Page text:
The primary objective of ISEAP, the official province of the Islamic State, which renewed its oath of allegiance to the new leader of the Islamic State, Abu Hassan al-Hashimi al-Qurayshi in March 2022, is primarily the establishment of an Islamic State governed by Sharia law in the Philippines. Its secondary objective is the expansion of the Islamic State beyond the Philippines into a wider area including Thailand, Indonesia, Singapore and Malaysia.To achieve its goals, ISEAP continues to conduct terrorist attacks against military and civilian targets in the Philippines. Tactics employed include armed assaults, assassinations, and attacks, including suicide bombings. In 2021, ISEAP conducted and claimed 16 attacks in the Philippines and four with its cells in Indonesia. On 18 February 2022, they also claimed their first attack related to the “economic warfare” strategy, destroying an electrical tower. From January to April 2022, ISEAP conducted 6 attacks in the Philippines, the last one claimed on 29 April.
The Islamic State of East Asia consists of at least two major cells, both operating in the southern Philippines, but is connected to numerous groups or factions of them that provide support, militants and leaders such as the Maute Group, Abu Sayyaf, a faction of the Bangsamoro Islamic Freedom Fighters, Ansharul Khilafah Philippines, Dawlatul Islamiyah-Maguindanao, Dawlatul Islamiyah Waliyatul Masrik and Dawlatul Islamiyah-Torayfe Group. Since the conclusion of the Marawi conflict in October 2017, the group has gone through a long and difficult phase of readjustment. To date, it conducts its attacks specifically against Philippine security forces or targets that serve to cause local sectarian clashes, as well as conducting kidnappings for ransom and local extortion to generate funding.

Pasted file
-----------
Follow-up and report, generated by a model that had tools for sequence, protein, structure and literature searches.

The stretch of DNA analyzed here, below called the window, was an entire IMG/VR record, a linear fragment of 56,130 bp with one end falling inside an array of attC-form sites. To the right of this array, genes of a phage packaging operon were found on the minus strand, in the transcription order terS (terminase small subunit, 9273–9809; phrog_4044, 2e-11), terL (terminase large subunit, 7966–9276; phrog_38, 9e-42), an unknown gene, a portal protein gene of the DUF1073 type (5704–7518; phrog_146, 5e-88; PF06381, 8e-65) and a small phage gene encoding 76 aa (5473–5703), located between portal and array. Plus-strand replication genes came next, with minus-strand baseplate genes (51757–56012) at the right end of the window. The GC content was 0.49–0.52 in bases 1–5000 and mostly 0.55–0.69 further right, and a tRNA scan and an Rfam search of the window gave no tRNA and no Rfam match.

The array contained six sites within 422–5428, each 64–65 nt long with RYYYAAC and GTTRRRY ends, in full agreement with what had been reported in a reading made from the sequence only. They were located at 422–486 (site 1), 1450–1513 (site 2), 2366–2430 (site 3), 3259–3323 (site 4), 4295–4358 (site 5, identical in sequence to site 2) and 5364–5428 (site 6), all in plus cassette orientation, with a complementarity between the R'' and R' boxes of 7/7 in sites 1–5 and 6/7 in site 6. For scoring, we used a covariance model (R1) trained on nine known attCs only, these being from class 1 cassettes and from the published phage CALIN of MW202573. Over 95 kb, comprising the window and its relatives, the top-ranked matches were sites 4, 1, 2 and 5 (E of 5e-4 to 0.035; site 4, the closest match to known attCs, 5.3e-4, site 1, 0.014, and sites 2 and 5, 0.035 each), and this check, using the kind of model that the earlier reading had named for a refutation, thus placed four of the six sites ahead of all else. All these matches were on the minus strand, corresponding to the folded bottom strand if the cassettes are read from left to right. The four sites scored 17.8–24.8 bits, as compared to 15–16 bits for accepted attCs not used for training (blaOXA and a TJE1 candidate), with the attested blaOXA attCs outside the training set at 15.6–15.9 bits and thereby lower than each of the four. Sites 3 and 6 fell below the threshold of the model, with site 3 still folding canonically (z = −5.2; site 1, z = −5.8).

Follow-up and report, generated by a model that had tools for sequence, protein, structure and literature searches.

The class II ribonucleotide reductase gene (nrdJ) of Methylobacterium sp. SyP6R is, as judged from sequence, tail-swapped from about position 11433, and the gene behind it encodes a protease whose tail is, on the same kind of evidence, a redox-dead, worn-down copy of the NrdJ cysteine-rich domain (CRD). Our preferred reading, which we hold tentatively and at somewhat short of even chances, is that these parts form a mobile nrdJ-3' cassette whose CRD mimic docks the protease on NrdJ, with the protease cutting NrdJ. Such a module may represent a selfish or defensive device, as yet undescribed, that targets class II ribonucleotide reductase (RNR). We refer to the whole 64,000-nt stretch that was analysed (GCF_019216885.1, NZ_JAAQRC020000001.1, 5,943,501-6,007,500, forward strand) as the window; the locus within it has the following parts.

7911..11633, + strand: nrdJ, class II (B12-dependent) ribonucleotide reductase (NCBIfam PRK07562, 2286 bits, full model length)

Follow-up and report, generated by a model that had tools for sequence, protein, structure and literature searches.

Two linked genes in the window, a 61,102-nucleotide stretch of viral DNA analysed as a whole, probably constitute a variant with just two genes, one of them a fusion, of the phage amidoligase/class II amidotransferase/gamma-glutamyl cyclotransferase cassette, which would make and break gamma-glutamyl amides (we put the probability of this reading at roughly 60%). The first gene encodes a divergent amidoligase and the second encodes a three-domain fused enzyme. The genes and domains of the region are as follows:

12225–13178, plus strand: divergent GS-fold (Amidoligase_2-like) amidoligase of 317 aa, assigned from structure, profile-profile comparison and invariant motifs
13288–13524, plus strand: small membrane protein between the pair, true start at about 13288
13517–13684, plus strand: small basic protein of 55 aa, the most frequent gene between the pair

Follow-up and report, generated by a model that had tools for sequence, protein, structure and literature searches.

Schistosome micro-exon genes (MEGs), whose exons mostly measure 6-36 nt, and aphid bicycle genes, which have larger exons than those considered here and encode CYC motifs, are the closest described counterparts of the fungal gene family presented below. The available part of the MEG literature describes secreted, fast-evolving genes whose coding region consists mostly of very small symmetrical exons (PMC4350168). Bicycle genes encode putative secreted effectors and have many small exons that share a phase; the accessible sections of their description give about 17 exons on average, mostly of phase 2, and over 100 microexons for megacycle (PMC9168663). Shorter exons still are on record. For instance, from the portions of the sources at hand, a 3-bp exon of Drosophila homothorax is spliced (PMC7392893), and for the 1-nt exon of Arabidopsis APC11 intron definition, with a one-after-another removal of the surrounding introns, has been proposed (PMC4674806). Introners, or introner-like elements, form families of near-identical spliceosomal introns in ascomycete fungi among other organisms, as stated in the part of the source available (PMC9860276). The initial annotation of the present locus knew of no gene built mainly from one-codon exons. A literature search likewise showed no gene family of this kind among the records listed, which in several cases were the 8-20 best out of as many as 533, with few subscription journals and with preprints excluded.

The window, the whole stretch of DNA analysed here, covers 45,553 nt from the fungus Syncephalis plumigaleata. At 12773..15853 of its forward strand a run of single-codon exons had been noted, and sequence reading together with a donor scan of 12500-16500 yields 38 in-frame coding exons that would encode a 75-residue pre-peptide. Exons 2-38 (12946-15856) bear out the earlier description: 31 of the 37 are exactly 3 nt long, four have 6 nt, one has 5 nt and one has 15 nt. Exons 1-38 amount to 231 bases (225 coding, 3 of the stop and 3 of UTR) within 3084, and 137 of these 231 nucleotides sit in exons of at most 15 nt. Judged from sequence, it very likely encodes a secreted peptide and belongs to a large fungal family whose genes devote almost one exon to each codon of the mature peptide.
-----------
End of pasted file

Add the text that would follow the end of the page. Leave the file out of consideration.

The leader of ISEAP was Hatib Hajan Sawadjaan (aka Abu Abdallah), while today it appears that the leadership has been assigned to Abu Zacariah, former leader of the Maute Group. Among the prominent leaders of ISEAP, the key to the group in its role as facilitator and financier, is undoubtedly Saifullah, of Indonesian nationality, who in addition to dealing with recruitment, financing and weapons, manages close ties with the Indonesian JAD and the Afghan Islamic State Province (ISKP). The group has about 300-400 members, mostly Filipinos, but also Indonesians and Malaysians.
Abu Sayyaf Group (ASG)
The Abu Sayyaf operates mainly in the Sulu archipelago, in the western part of the island of Jolo, in the southern Philippines. A branch of the Filipino separatist organization, the Isnilon Hapilon branch, declared its support for the Islamic State in 2014. Abu Sayyaf has about 200-400 fighters. ASG is a group that aims at the liberation and independence of the Moro minority. Abu Sayyaf engages in sabotage, occupation of territories, terrorist attacks with explosives, attacks against the police and the army, assassinations of officials and politicians, and kidnapping of foreigners and Christians.
In recent years Abu Sayyaf, partly due to counter-terrorism operations, has sharply decreased its military operations and has been mainly active in criminal activities: burglary, kidnapping for ransom, extortion and drug dealing, which makes it similar to organized crime groups. Abu Sayyaf is a network of cells rather than an established force, its structure exploiting inactive fighters, family ties, friendships and their relatives.
Ansar Al-Khilafa Philippines (AKP)
Ansar al-Khilafah Philippines is a small group founded in 2014 by the late leader Tokboy Maguid, in the town of Polomolok, South Cotabato province, where they linked up with the Nilong Group, a crime syndicate. The militants, who operate from the outskirts of Polomolok, have exploited the grievances of the people of Maguindanao to recruit young people while raising funds through criminal activities. The group has also announced its support for the Islamic State but is regarded by the Philippine authorities more as a criminal and bandit group. AKP also conducts kidnapping and ransomware activities. It operates in South Cotabato and Sarangani provinces.
Dawlah Islamiyah Lanao (DIL)
The DIL is the new name of the former Maute Group (also known as Islamic State Lanao), founded in 2012 and dissolved in 2019, among the main groups that participated in the 2017 Battle of Marawi, to create the new entity of Dawlah Islamiyah Lanao. As of 2019, the group ceased offensive operations and prioritized recruitment and reorganization. The group remains resilient, relatives of deceased fighters have assumed leadership, and militants have remained mobile, moving around the mountainous border of Lanao del Norte and Lanao del Sur. The group focuses on recruiting and training fighters in the mountains of Lanao. The leader is Abu Zachariah, who has also recently become the new leader of ISEAP, which has extended DIL networks throughout Mindanao.